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  1. #11

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    Quote Originally Posted by gmcttr View Post
    Are you tapering the end before you attempt the bury? Taper, taper, taper!
    The second picture in this thread on how to make Whoopies shows the taper I used on my 1/8" whoopies.

    http://www.hammockforums.net/forum/s...ead.php?t=9349

  2. #12
    Senior Member dammfast's Avatar
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    With 1/8th, I have done it by tapering and adding a small piece of tape and just milking it through. Open up strands where you want to start the bury, Feed the pointy taped end in and start milking. It takes some patience at the start but after the first inch or so you can walk it through pretty easy. As a disclaimer the smaller the rope the need to have the "tools" of the trade become more important. 1/8 is the smallest that I have been able to, or willing to use the tape method, anything smaller and I have to use a wire out of an old telephone cord.
    Dammfast

    “Never argue with stupid people, they will drag you down to their level and then beat you with experience.”

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  3. #13
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    Quote Originally Posted by Krazyjohnny View Post
    We are using 12 strand, 1/8" Amsteel. Should I have gotten the 8 strand 1/8" or even just succombed and gotten the 7/64" stuff? Do the higher strand count lines open up less?
    7/64" is the only 8 strand amsteel, the larger sizes are 12 strand and it makes no difference for splicing. Half of the strands are cut for the taper.

    The 1/8" you have is good stuff and works even easier than the smaller ropes.

    You just have a bit of technique to get worked out.

  4. #14
    Senior Member Lupus's Avatar
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    Get a number 4 knitting needle and use that to 'open up' the length of your bury. I couldn't get the bury started when I first tried splicing until I did that and tapered the ends. Both help with getting it started.

    I can't say enough how strongly I recommend using some sort of tool like a knitting or yarn needle to 'open up' the braid to a size much larger than what is needed to accommodate the line your trying to bury.
    Eagle Scout, June 1987
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  5. #15
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    I use a doubled over length of .035 SS welding wire probably 8" long finished.
    or you can get some SS wire from the hardware store.
    Fold a 16" long piece in half and clamp down the bend with some pliars.

    The clamped end makes sort of a lock to wedge the amsteel into for a pull.

    I folded the other ends over at 90 degrees and taped them together to make it easier to grab.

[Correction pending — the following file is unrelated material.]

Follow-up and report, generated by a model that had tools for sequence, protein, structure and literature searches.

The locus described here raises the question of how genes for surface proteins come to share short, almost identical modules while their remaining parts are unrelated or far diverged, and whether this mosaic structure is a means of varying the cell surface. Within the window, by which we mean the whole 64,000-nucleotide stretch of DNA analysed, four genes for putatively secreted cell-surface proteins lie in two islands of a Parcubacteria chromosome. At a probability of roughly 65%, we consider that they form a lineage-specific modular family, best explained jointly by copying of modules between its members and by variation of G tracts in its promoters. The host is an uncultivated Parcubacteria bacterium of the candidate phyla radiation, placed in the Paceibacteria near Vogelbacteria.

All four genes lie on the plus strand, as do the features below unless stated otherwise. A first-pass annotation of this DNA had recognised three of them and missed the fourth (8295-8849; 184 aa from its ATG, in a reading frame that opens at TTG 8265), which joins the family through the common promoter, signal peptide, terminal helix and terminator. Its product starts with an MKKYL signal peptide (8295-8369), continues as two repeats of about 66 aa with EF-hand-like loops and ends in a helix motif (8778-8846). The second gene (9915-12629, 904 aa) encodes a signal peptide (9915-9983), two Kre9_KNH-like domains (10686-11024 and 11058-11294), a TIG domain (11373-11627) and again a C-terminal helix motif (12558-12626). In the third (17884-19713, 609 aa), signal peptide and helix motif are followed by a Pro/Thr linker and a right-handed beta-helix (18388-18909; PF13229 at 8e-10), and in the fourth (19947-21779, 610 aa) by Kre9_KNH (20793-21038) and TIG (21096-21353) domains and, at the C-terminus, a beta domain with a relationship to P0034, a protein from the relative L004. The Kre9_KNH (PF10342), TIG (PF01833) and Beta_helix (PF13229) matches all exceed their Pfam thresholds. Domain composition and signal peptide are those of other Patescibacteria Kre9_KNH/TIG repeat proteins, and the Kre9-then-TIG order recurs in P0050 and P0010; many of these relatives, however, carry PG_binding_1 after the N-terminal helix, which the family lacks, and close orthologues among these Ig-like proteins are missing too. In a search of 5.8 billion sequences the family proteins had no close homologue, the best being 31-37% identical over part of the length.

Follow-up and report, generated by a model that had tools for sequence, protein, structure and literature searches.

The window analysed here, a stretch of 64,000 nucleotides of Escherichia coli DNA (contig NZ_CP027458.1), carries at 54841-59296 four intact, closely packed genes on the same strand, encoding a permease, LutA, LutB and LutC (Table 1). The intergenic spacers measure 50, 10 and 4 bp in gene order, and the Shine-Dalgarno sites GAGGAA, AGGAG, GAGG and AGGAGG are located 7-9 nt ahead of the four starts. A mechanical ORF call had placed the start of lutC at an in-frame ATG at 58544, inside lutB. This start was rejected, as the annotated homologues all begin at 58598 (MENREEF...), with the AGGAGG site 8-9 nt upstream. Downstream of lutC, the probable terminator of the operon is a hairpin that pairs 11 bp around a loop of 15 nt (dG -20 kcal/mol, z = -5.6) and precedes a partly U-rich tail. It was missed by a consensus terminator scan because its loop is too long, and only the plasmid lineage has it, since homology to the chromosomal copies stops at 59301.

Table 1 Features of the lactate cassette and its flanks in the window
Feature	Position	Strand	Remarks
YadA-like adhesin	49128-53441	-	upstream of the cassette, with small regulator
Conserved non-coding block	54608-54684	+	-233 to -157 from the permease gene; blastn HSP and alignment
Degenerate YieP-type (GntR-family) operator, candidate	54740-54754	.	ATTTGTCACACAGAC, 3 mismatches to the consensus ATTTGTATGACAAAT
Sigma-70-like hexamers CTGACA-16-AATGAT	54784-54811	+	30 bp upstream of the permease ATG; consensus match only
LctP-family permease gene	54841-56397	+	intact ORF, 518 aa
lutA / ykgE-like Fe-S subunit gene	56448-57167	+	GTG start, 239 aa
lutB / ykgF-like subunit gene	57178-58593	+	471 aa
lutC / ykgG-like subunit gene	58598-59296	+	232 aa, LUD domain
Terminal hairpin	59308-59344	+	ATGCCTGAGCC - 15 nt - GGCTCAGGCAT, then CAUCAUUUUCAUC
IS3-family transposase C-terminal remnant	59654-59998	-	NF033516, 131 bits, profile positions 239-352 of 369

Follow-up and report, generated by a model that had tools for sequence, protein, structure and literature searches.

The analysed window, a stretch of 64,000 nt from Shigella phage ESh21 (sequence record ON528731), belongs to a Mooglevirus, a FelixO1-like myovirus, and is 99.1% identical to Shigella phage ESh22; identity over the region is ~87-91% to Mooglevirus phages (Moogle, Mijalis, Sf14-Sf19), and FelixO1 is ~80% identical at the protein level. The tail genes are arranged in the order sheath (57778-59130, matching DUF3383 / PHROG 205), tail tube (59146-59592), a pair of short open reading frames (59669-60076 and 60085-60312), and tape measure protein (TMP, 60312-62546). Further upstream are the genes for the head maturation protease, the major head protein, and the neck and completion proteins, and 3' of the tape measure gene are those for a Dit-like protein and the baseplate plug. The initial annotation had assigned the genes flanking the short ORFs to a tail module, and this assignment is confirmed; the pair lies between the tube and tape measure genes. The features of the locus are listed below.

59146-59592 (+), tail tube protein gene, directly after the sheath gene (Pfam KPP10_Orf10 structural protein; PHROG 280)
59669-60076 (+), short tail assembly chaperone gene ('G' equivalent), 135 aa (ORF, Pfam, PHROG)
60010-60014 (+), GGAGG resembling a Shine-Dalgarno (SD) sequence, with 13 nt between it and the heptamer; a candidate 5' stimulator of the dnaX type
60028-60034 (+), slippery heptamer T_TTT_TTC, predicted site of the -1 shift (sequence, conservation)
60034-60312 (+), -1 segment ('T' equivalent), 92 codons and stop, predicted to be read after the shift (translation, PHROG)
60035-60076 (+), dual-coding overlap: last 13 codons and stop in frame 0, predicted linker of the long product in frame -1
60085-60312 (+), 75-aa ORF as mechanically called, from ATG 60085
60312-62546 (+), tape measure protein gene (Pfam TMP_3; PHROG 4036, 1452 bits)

For a bury, I have some super sharp scissors and cut the end at a slant then wrap a small piece of frosted tape around that end and it makes sort of a cone. I do that after its wedged into the wire end. Pull the tape off after you pull it through.

    I actually made a longer one of these about 24" long to pull line through stuff sacks and whatnot.

  6. #16
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    All,

    Thank you very much for the tips. We are on the right track now. Knocked out a set of slings in about 30 mins last night. My welding wire I had been using, and causing me much frustration, had a burr in it at the loop bend. So we chalked up that sling as our learning section of rope and practiced using the Loop tool from Dritz. All is good and thanks to you guys.

  7. #17
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    Congrats.

    I never had much luck with welding wire either. It always "cracked" at the bend leaving a burr which would snag the amsteel.

  8. #18
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    We could not get the Whoopies to release so we are going back to the dual ring setup.

  9. #19
    Senior Member OldRagFreeze's Avatar
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    Quote Originally Posted by Krazyjohnny View Post
    We could not get the Whoopies to release so we are going back to the dual ring setup.
    Maybe you should buy a pair of whoopies to help you visualize, and then try to make them later since you have the Amsteel? I bought whoopies from both BIAS and WhoopieSlings and both are great quality and work perfectly. The WhoopieSlings ones are just a bit longer, if that is a concern for you.
    "We're the Sultans of Swing."

  10. #20
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    Quote Originally Posted by Krazyjohnny View Post
    We could not get the Whoopies to release so we are going back to the dual ring setup.
    Cant imagine why that would be. You have to hold it in the right area when you adjust.

    A dual descender ring/strap setup is very simple and I like it.

    I have (2) 11' 5/8 mule tape (1800#) straps and they weigh 3.6 oz and my 4 decender rings weigh 1.6 oz so a total of 5.2 oz

    I have never tested this mule tape in this configuration though.

    1/2" mule tape is good for 1200#

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